“The challenge of the internet means these are uncertain times for anyone who loves newspapers. But industries in flux can be more open to innovation. On both sides of the Atlantic, papers are placing their faith in ebooks. The New York Times recently teamed up with startups Vook, to publish archive material (sample titles include reports on the Rwandan genocide and a book of asparagus recipes), and Byliner, to publish original “long-form” journalism (sample title: Here’s the Deal: How Washington Can Solve the Deficit and Spur Growth by columnist David Leonhardt). Byliner sold more than 1m singles last year, so the New York Times is tapping into a growing market.”
“Sheet music on music stands provide the road map for an orchestra’s performance, but scribbled annotations by the players impose a conductor’s ideas and serve as simple reminders to make an entrance or count correctly. Now, with more than half-million new digitized pages poured into the New York Philharmonic’s electronic archives, that world is open to inspection. It may prove interesting to concertgoers, and fascinating to musicians who may have to play those parts themselves. The Philharmonic on Thursday said it had completed the first phase of an effort to put its vast archive on the Internet. Lasting three years so far, the project has made available public programs, scores and internal documents from 1943, when Leonard Bernstein made his debut with the orchestra, to 1970, the year after he left as music director.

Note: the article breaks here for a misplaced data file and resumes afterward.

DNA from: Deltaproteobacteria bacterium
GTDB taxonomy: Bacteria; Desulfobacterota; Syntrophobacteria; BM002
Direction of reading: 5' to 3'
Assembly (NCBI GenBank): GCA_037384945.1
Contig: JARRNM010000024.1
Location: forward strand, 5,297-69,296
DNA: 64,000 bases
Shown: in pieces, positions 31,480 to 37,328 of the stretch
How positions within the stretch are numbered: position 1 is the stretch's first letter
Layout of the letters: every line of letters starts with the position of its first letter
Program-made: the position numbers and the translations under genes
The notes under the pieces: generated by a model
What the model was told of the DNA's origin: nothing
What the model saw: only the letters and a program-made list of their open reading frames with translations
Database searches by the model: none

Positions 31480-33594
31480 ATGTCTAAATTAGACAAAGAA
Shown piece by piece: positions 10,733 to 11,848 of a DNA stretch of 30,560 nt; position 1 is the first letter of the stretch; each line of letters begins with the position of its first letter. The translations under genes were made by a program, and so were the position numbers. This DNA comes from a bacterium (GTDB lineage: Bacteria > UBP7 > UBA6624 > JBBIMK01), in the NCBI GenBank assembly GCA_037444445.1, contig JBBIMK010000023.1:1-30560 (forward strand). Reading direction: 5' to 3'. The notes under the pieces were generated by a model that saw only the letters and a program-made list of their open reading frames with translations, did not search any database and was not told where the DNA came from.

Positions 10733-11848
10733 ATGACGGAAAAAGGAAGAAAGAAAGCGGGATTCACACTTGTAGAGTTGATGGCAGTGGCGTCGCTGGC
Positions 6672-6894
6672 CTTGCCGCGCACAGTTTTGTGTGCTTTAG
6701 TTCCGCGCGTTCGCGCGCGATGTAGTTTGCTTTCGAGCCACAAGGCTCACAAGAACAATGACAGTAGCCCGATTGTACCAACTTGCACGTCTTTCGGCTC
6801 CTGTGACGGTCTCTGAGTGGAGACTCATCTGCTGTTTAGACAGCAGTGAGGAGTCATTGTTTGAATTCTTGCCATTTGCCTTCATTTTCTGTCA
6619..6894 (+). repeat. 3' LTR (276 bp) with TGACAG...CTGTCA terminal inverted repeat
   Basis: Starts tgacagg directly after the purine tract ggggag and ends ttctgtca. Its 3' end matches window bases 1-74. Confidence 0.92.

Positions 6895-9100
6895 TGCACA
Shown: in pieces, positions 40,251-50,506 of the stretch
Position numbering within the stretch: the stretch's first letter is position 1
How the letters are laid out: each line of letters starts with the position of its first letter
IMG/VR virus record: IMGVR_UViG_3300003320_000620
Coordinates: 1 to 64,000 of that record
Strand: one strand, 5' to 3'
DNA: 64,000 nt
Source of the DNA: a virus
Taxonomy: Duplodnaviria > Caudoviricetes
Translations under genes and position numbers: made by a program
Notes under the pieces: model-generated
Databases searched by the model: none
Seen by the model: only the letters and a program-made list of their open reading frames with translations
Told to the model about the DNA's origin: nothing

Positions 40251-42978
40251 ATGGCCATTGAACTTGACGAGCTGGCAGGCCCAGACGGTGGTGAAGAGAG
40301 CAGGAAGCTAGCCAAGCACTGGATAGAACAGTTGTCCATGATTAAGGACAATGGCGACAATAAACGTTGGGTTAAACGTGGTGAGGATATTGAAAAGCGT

“Chicago real estate developer Dwight Cleveland has donated over 1,000 vintage movies posters from his collection to the Academy of Motion Picture Arts and Sciences. The posters, documenting the studio era of “B” movie filmmaking from the first half of the 20th century, feature a variety of genres including westerns (“The Revenge Rider” and “Heart of the Golden West”), war films (“Friendly Enemies” and “Somewhere in France”) and musicals (“Breakfast in Hollywood” and “Girl From Rio”) The posters will be housed in the academy’s Margaret Herrick Library.”
“Columbia University’s Rare Book & Manuscript Library (RBML) is pleased to announce the acquisition of two significant additions to its Comics and Graphic Novels collections: research materials for Larry Tye’s well-received 2012 book, Superman: The High-Flying History of America’s Most Enduring Superhero, as well as six 1940’s Batman scripts from the estate of Jerry Robinson.”
“Tempting as it may be to hum “Truckin’ ” while visiting the Grateful Dead archive at UC Santa Cruz – you know, “what a long, strange trip it’s been …” – the exhibit itself really isn’t that long nor all that strange. What it is, at core, is thorough.
The public archive, though afforded just two rooms on the second floor of McHenry Library, nonetheless houses a treasure trove of Deadheadnalia, presented in such a wonderfully nostalgia-laden way you’d think they were pumping patchouli oil (or some other potent substance) through the heating vents.”